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From Dinko Srkoč <>
Subject Re: Problem overloading bracket operator with CompileStatic
Date Sun, 27 Dec 2015 16:54:35 GMT
On 27 December 2015 at 14:36, Jochen Theodorou <> wrote:
> On 27.12.2015 09:18, Byron Foster wrote:
>> Given the following code:
>> ——————————————————————————————————-
>> package rankspin
>> import groovy.transform.CompileStatic
>> trait SimpleMap<K, V> {
>>    abstract V getAt(K k)
>> }
>> class Foo implements SimpleMap<String, String> {
>>    String getAt(String k) {return "bar"}
>> }
>> @CompileStatic
>> void go(SimpleMap map) {
>>    println map["a"]
>> }
>> Foo foo = new Foo()
>> go(foo)
> so basically overloaded getAt in subclass plus static compilation and method
> call on the base class. Well... You have to keep in mind, that there is a
> big difference in method dispatch when it comes to static and dynamic typing
> in Groovy. In dynamic Groovy, Groovy will take the runtime type of an object
> to choose the method. In your case, the call site is the map["a"] aka
> map.getAt("a") line. The static compiler will only see a SimpleMap. The
> static compiler cannot know that this SimpleMap is maybe a Foo providing a
> better fitting getAt(String) method. And since the compiler cannot know
> that, it will take the getAt(K) (aka getAt(Object)) method from SimpleMap.
> Even if you had tried SimpleMap<String>, it would not have changed a thing.
> In other words, a static compiler like the one of Groovy (or the one of Java
> and most other static languages cannot do this).

Umm ... Jochen, are you sure this is right? I'm rather convinced that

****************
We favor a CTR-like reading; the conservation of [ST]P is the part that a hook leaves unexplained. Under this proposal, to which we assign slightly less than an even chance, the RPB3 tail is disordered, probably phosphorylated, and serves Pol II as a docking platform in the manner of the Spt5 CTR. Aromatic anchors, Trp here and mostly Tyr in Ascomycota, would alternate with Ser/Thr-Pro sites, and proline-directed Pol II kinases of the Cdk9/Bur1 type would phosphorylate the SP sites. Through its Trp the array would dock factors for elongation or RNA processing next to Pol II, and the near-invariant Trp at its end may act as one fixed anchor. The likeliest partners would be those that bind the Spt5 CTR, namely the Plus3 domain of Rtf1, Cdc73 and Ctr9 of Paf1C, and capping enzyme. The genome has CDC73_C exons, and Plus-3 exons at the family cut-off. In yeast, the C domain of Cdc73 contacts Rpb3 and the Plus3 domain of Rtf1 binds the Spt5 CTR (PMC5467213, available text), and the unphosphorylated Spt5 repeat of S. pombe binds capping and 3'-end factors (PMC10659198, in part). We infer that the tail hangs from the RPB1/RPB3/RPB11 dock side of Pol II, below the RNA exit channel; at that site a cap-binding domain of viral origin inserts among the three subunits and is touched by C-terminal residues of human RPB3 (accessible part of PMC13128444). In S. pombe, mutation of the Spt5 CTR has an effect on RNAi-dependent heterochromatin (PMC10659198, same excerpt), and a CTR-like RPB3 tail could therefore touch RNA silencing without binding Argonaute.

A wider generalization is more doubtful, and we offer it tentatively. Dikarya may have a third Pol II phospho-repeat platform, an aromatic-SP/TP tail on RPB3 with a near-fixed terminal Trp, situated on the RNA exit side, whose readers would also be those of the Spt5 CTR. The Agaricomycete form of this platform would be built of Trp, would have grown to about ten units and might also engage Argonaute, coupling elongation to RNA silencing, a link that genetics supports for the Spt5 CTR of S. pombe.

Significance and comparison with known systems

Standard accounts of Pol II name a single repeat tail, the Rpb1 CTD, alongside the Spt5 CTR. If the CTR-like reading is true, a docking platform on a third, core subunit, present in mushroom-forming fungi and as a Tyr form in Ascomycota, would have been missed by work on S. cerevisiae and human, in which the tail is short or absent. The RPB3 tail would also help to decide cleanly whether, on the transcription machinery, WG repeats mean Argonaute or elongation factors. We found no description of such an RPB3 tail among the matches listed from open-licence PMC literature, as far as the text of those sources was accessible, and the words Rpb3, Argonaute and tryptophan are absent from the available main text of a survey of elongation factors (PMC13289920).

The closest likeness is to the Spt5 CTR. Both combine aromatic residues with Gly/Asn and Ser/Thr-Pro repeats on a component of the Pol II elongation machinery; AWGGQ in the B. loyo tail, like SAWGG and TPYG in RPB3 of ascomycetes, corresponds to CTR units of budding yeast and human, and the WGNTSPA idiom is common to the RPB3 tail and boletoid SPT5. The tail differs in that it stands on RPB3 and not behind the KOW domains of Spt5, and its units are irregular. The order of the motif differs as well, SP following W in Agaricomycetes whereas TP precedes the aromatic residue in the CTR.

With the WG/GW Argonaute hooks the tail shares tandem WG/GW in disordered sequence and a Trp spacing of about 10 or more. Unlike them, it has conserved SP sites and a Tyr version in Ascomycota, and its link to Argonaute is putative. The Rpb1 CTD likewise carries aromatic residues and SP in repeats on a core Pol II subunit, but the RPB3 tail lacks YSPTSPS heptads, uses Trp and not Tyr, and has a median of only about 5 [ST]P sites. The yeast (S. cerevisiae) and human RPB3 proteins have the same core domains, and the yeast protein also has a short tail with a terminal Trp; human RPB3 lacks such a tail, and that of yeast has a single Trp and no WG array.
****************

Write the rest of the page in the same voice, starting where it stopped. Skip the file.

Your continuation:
this should work in both Java (using interfaces instead of traits) and
Scala ... and by extension, I would be inclined to call the above
behaviour a bug. Being statically compiled or not, isn't this the case
of dynamic dispatch, which should work in any OO language?


> [..]
>> Threw:
>> org.codehaus.groovy.runtime.metaclass.MissingPropertyExceptionNoStack
>> msg: No such property: password for class: rankspin.web.MyRequest
>> With no stack trace.  Even in the example code above it does not indicate
>> the code site where the error occurred.  is this correct?
> This is not correct, no. The static compiler should not have used the
> dynamic way to get a property, because that is was is producing the stack
> less exception, which is normally caught before it reaches groovy code again
> and transformed into a proper exception. Since the static compiler is not
> really supposed to use those methods, it is no wonder the proper unwrapping
> is missing as well.
> bye Jochen

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